With the help of Donald Trump, a few hundred white nationalists captured national attention this weekend, eclipsing for the moment growing international dangers as well as the much larger sustained mobilization of the anti-Trump Resistance. Weapons, provocative symbols, counterprotest, and a death were all part of an awful and unfolding story.
Start: Racism in America long predates the Trump presidency and even the Trump family residency. It’s deeply entrenched in American history–along with organized efforts to move the country to something better. Over hundreds of years, antiracists have been winning, but bending the arc of the moral universe take a lot of hard work, and progress is uneven. And there are always people trying, sometimes successfully, to bend it back.
White nationalism is now mostly marginal. American Nazis, Klansmen, and their allies get attention by provoking larger numbers of their opponents to show up to oppose them. Brandishing the Confederate battle flag, the swastika, and quotes from Adolf Hitler are good ways to call out the opposition. Picking sites where the racists won’t be tolerated and will be greatly outnumbered, like Skokie, Illinois or Berkeley, California is another.
Charlottesville, Virginia is such a place. Focusing on the plans to remove a statue of Confederate general Robert E. Lee, the white nationalists started last by marching on the campus of the University of Virginia (designed by Thomas Jefferson, ironically, a particularly difficult character in the commemoration battles), carrying torches. It was a lead-up to the Unite the Right march scheduled for the next day.
The Unite the Right crowd assembled in the morning, some conspicuously armed and outfitted like a paramilitary unit. The anti-racists were out in force as well, in much larger numbers. The nationalists chanted racist and anti-Semitic slogans, announced their support for Trump, and clashed with counterdemonstrators. Local police, aided by National Guardsmen, ordered the demonstration to disperse before it was to start.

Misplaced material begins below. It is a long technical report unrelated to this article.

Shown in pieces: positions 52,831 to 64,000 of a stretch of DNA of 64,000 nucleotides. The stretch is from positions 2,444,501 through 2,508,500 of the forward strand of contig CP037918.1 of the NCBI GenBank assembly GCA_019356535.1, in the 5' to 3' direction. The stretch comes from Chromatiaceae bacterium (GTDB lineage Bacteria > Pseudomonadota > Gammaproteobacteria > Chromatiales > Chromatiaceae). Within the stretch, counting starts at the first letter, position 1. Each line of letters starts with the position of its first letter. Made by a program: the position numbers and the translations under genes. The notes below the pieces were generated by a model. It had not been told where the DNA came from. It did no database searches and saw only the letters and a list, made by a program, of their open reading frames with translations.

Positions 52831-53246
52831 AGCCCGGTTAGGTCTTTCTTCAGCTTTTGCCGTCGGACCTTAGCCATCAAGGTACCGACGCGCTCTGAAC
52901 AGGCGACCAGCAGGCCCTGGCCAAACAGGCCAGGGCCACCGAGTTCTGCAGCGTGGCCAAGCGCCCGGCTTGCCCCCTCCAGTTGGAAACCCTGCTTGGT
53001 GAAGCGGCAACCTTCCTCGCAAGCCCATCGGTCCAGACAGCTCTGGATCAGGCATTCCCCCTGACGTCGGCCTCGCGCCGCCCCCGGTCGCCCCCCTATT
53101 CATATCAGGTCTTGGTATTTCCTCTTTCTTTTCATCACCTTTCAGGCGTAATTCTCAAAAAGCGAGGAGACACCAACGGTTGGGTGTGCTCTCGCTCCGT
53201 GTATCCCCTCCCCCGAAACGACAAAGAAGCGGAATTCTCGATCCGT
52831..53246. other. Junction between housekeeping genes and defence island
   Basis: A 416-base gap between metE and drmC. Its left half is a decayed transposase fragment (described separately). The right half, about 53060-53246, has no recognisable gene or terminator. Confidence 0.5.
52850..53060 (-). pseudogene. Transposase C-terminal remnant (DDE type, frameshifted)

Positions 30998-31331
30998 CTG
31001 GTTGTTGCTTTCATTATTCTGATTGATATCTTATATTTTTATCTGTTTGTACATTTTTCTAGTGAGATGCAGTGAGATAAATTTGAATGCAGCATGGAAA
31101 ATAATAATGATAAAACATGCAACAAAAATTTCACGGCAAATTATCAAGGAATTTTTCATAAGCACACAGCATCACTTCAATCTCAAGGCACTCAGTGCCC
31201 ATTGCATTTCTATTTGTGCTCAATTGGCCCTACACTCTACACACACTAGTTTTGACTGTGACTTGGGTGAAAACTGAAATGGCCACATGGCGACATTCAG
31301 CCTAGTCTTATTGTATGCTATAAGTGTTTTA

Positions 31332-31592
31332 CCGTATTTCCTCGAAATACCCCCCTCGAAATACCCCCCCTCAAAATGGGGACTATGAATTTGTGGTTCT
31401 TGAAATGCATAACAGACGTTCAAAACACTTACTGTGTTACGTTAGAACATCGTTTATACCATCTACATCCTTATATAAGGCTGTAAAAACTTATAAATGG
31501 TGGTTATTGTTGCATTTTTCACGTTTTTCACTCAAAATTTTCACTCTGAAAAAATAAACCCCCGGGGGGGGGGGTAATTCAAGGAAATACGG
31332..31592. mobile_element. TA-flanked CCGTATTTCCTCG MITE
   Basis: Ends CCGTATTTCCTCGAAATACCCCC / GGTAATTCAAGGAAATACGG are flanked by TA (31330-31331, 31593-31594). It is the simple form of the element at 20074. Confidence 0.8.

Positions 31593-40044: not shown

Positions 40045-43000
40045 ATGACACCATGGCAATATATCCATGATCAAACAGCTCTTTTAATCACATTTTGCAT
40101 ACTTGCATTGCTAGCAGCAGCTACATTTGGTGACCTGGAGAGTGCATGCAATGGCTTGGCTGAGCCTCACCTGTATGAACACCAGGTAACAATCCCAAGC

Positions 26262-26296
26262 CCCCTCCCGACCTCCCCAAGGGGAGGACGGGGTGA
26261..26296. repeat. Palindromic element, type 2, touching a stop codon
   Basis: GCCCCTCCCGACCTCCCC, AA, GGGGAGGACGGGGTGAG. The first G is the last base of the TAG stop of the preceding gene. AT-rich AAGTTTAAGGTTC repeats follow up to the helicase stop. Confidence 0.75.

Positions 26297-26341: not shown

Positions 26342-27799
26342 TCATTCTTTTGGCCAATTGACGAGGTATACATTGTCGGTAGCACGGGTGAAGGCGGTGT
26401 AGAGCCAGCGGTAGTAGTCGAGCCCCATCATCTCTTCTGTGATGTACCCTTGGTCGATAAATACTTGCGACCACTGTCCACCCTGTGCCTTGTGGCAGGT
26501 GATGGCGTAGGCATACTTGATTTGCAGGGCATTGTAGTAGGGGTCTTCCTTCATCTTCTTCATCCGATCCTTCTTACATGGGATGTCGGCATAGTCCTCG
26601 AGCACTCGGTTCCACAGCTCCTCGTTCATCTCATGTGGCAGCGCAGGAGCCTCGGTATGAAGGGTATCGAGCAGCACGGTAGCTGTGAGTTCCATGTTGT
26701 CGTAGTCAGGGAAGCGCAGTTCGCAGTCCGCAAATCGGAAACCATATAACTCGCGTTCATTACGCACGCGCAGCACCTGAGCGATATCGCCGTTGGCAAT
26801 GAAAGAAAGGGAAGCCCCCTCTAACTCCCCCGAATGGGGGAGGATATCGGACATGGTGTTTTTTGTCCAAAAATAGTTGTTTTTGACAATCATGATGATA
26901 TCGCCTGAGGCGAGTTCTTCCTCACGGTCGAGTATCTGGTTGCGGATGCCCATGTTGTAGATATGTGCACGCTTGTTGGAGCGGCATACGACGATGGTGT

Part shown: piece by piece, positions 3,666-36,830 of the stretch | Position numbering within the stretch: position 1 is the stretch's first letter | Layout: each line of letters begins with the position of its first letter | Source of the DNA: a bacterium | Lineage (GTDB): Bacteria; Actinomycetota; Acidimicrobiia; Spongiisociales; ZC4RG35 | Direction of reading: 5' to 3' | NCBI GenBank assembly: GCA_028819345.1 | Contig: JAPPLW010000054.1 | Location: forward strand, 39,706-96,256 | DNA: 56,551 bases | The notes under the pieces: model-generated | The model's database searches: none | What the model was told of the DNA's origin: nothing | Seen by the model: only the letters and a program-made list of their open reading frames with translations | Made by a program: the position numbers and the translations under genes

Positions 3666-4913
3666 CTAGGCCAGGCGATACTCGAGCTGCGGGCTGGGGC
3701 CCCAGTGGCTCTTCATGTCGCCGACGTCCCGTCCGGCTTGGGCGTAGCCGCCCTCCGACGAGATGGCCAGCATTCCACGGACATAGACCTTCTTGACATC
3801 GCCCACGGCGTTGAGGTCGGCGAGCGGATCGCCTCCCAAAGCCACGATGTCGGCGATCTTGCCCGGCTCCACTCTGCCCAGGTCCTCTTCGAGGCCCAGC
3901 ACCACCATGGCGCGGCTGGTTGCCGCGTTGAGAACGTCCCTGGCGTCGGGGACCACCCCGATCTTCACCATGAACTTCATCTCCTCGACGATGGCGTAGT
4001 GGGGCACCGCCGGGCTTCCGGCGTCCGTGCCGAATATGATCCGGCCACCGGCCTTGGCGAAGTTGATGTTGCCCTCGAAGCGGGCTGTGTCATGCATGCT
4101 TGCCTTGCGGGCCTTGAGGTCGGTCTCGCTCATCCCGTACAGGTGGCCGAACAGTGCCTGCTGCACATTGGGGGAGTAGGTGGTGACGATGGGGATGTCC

Police and Guardsmen worked to disperse the planned demonstration before it was to start, and tried to keep the two sides apart. Despite all the visible guns, the critical weapon this time was a Dodge Challenger; someone drove the car into a crowd of anti-racist demonstrators, hitting two other cars, wounding 19 demonstrators and killing one.
Virginia Governor Terry McAuliffe has declared a state of emergency, the injured have been hospitalized, and presumably the outsiders are leaving Charlottesville.
So, how do we make sense of all of this?
Oddly, despite desperately seeking accomplishments to brag about, Trump won’t claim credit for this one.
He has, however, promoted an environment where members of a marginal tendency in American life gets continual support for their view of the world. In just the past few weeks, the Trump administration has announced plans to fight affirmative action, build a wall to keep Mexican immigrants out, further restrict immigration for Muslims, and purge transgender servicemen and women from the armed forces–as a “favor” to the the military. “Making America Great Again” means advancing a narrower vision of America, returning to an imaginary past in which the others don’t have to be seen, and certainly don’t get jobs and benefits to which they are not entitled.
Whatever Trump says, these demonstrators are clear that they think he’s on their side. And this fragile president is extremely reluctant to question the judgment of those who support him. Activists respond to signals, and the president of the United States is waving them on. Condemning violence on “many sides,” refusing to mention race, Nazis, or the KKK, the president offers no suggestion that he wants them to stop.
People pay attention.